As a creative, irrespective of what motivates us, fuels our interest or inspires us, we can all agree that creativity is a common factor that we all have. This ability can be inherent, a natural gift, but can also be learned and taught.
Some might not agree with the statement made above, but there’s no disputing that creativity has no discriminations. It’s inherited, given, shared, and earned without bias. Therefore, it’s funny that stereotypical assumptions of the recipients hold till this very day.
Female creatives are viewed under an objective lens of societal expectations and traditional norms, giving room to discrepancies and myths which need to be challenged and debunked. Therefore, outlined below are 8 myths about creative ladies to debunk.
Myth 1: Creative ladies are not educated.
Over the years, the society promoted the thought that creativity was not for intellectuals and female creatives were not left out. This is false because we have several educated female literates and scholars who are not afraid to pursue a creative career. Interestingly, the years of education and experience might even serve well to be advantageous.
Myth 2: Creative ladies are not tech-savvy.
Just like creativity, being digitally conscious, technology conscious, and social media savvy does not come with a prejudiced preference. Unlike popular belief, there’s now an encouraging increase in females who can integrate technology with creativity and applied skills, creating improved, and better results.
Myth 3: Creative ladies charge less for their products and services.
Running a business, making profits, and earning an income should not be limited by whether or not a male or a female behind the wheels. If a female can deliver according to the expected needs and demands, she deserves a right to earn the same amount or set the same price as her male counterparts.
Myth 4: Creative ladies are lazy.
“I’m sure she isn’t cut out as a professional” seems to be what others think when they see a female creative. Have you met a boss lady, a female working in the corporate world? The same amount of passion, interest, and energy she brings to the table for a creative lady. So no, creative ladies aren’t lazy.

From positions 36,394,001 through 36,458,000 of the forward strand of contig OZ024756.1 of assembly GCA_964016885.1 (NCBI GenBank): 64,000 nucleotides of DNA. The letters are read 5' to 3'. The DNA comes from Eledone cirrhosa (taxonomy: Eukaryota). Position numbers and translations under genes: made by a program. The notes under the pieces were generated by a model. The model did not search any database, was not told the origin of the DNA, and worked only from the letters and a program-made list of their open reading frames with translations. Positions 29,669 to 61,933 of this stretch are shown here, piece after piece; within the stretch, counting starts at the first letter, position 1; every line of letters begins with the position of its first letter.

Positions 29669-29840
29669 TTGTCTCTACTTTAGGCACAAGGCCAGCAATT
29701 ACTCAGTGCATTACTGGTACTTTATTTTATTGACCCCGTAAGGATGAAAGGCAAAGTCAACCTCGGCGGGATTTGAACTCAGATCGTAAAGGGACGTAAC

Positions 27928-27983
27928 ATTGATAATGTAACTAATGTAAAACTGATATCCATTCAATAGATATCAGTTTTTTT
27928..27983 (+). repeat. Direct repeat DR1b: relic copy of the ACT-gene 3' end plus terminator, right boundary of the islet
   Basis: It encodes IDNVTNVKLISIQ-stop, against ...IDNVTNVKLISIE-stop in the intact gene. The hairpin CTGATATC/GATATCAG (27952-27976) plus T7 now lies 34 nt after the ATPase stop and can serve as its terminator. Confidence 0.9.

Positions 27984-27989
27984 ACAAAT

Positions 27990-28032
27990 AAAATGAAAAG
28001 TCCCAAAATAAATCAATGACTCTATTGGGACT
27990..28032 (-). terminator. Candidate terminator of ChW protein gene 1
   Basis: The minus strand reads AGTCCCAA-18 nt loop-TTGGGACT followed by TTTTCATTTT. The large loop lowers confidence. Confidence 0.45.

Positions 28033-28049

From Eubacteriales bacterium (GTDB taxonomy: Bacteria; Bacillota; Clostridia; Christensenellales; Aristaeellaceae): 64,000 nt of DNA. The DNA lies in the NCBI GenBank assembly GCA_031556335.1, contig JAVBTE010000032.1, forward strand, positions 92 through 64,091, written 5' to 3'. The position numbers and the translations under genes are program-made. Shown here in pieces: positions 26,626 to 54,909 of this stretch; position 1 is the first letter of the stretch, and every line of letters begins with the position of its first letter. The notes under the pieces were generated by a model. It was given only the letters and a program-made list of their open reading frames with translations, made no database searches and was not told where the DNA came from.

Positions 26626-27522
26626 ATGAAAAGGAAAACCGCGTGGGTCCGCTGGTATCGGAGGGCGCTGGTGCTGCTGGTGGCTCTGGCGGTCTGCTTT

Myth 5: Creative ladies lack a good work-life balance
Movies have depicted that a creative lady can be heavily invested in her work, having little or no social interactions, or have too much time on her hands due to her nature of work. In reality, most female creatives have a good work-life balance as there’s a place for her work, passion, relationships, and fun in her life.
Myth 6: Creative ladies are wild and eccentric
Again, some movies have depicted creatives as wild, eccentric, and heck, even unstable, usually attributed to the fashion sense of the female character. Debunking this belief, one’s personality and choices influence what a creative lady exhibits, not simply because she is a creative.
Myth 7: Creative ladies mostly run side-hustles
Owing to the popular opinion that being a creative might not be a good career choice, people believe that female creatives lack a stable source of income and are regarded as hustlers if she runs a small creative business, alongside her work. If the shoe fits, no one should be judged for pursuing their dreams and working hard to make it profitable.
Myth 8: Creative ladies are not good leaders.
The ability to run a successful business while managing partners and workers is also a leadership skill. Coupled with creativity, and other complementary skills, a female is considered to have leadership qualities like her male counterparts, and shouldn’t be cast out of the leadership pool.
Creativity should be respected and rewarded, with more support, acknowledgment, and appreciation shown to creatives in general, without excluding the female creatives.
Therefore, it’s encouraged that misleading opinions on general knowledge and myths about certain issues are debunked, to stimulate more positive developments in the creative space.
Bukola Oladeinde (Vytorrea) is a storyteller and strategy enthusiast who creates content and copies, to actualize marketing-communications goals for brands and businesses.